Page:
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(2.) Of matters which allow or defeat the right.
The transitus of the goods, and consequently the right of stoppage, is determined by actual delivery to the vendee, or by circumstances which are equivalent to actual
delivery. *544 *There are cases in which a constructive deli
very will, and others in which it will not, destroy the right. The delivery to a carrier or packer, to and for the use of the vendee, or to a wharfinger, is a constructive delivery to the vendee ; but it is not sufficient to deTeat this right, even though the carrier be appointed by the vendee. It will continue until the place of delivery be, in fact, the end of the journey of the goods, and they have arrived to the possession, or under the direction of the vendee himself.a If they have arrived at the warehouse of the packer, used by the buyer as his own, or they are landed at the wharf where the goods of the vendee were usually landed and kept, the transitus is at an end, and the right of the vendor extinguished.b The delivery to the master of a general ship, or of one chartered by the consignee, is, as we have already observed, a delivery to the vendee or consignee, but still subject to this right of stoppage, which has been termed a species
of jus postliminir.c And yet, if the consignee had *545 hired the ship for a term of years, and the goods
were put on board to be sent by him on a mercan
. The transitus is not at an end until the goods have reached the place of destination named by the vendee. Coates v. Railton, 6 Barn. g. Cress. 442, and have come to the actual possession of the vendee, or under cir. cumstances equivalent thereto. Buckley v. Furniss, 15 Wendell, 137. Covell v. Hitchcock, 23 Wendell, 611. Edwards v. Brewer, 3 Meeson of Welsby, 375.
• Snee v. Prescott, 1 Atk. Rep. 248. Stokes v. La Riviere, cited in 3 Term Rep. 466, and 3 East's Rep. 397. Ellis v. Hunt, 3 Term Rep. 464. Richardson v. Goss, 3 Bo. f. Pull. 119. Scott v. Pettit, 3 Ibid. 469. Smith v. Goss, 1 Campb. Rep. 282. Lord Alvanley, in 3 Bos. f. Pull. 48. Dutton v. Solomonson, 3 Ibid. 582. Rowe v. Pickford, 8 Taunt. Rep. 83. Tucker v. Humphrey, 4 Bingham's Rep. 516.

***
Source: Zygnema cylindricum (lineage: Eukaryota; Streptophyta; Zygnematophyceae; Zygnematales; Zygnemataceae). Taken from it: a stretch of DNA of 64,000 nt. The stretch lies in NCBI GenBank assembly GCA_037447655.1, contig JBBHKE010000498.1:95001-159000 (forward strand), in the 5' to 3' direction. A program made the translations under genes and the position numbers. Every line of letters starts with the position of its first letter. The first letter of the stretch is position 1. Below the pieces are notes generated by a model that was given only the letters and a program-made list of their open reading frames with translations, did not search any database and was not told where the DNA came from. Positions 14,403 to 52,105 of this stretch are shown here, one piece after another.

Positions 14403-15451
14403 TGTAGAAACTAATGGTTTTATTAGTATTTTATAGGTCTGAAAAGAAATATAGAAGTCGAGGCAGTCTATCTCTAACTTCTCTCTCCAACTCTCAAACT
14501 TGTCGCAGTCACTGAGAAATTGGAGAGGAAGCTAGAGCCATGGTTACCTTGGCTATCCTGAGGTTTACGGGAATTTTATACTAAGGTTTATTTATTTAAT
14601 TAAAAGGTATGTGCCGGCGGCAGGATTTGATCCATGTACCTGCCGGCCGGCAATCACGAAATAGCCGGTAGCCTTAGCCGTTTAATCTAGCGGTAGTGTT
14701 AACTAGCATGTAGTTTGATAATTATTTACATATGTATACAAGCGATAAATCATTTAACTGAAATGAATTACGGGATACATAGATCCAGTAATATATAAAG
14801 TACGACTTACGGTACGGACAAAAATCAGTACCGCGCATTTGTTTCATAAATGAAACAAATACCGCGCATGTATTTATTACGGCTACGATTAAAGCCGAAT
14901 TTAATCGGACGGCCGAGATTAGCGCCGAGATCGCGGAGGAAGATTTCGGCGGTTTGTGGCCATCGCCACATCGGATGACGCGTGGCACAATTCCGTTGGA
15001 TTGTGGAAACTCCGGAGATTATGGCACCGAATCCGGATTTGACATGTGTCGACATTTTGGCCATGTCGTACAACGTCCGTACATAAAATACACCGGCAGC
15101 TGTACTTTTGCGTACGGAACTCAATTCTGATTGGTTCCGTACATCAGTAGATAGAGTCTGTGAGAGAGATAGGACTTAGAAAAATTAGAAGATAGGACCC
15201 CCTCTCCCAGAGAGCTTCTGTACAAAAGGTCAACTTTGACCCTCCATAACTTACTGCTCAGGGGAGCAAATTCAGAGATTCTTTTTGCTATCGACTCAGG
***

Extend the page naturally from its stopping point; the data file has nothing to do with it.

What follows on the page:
• Bohtlingk v. Inglis, 3 East's Rep. 331. Cox v. Harden, 4 Ibid. 211.
tile adventure, the delivery would be absolute, as much as a delivery into a warehouse belonging to him, and it would bar the right of stoppage. The idea that the goods must come to the corporal touch of the vendee is exploded ; and it is settled, that the transitus is at an end, if the goods have arrived at an intermediate place, where they are placed under the orders of the vendee, and are to remain stationary until they receive his directions to put them again in motion for some new and ulterior destination.b In many of the cases, where the vendor's right of stopping in transitu has been defeated, the delivery was constructive only; and there has been much subtlety and refinement on the question, as to the facts and circumstances which would amount to a delivery sufficient to take away the right. The point for inquiry is, whether the property is to be considered as still in its transit; for if it has once fairly arrived at its destination, so as to give the vendee the actual exercise of dominion and ownership over it, the right is gone. The cases in general upon the subject of constructive delivery, may be reconciled by the distinction, that if the delivery to a carrier or agent of the vendee be for the purpose of conveyance to the vendee, the right of stoppage continues, notwith
Newhall v. Vargas, 13 Maine Rep. 93. The master gave a receipt for the goods on delivery on board by the consignor, and afterwards signed a bill of lading to the consignee. That circumstance did not take away the right of stoppage. Thompson v. Trail, 2 Carr. f Payne, 334. But in Bolin v. lluffnagle, 1 Rawle's Rep. 1, there was a delivery of goods at a foreign port, to the master of the consignee's own ship, for him; and it was held that the transitus was at an end. This last decision may perhaps be questioned, inasmuch as the delivery in that case, to the inaster of the consignee's ship, was for the purpose of conveyance to him, and not like the case of Fowler v. Kymer, cited in the next note, for the purpose of disposal in a foreign market.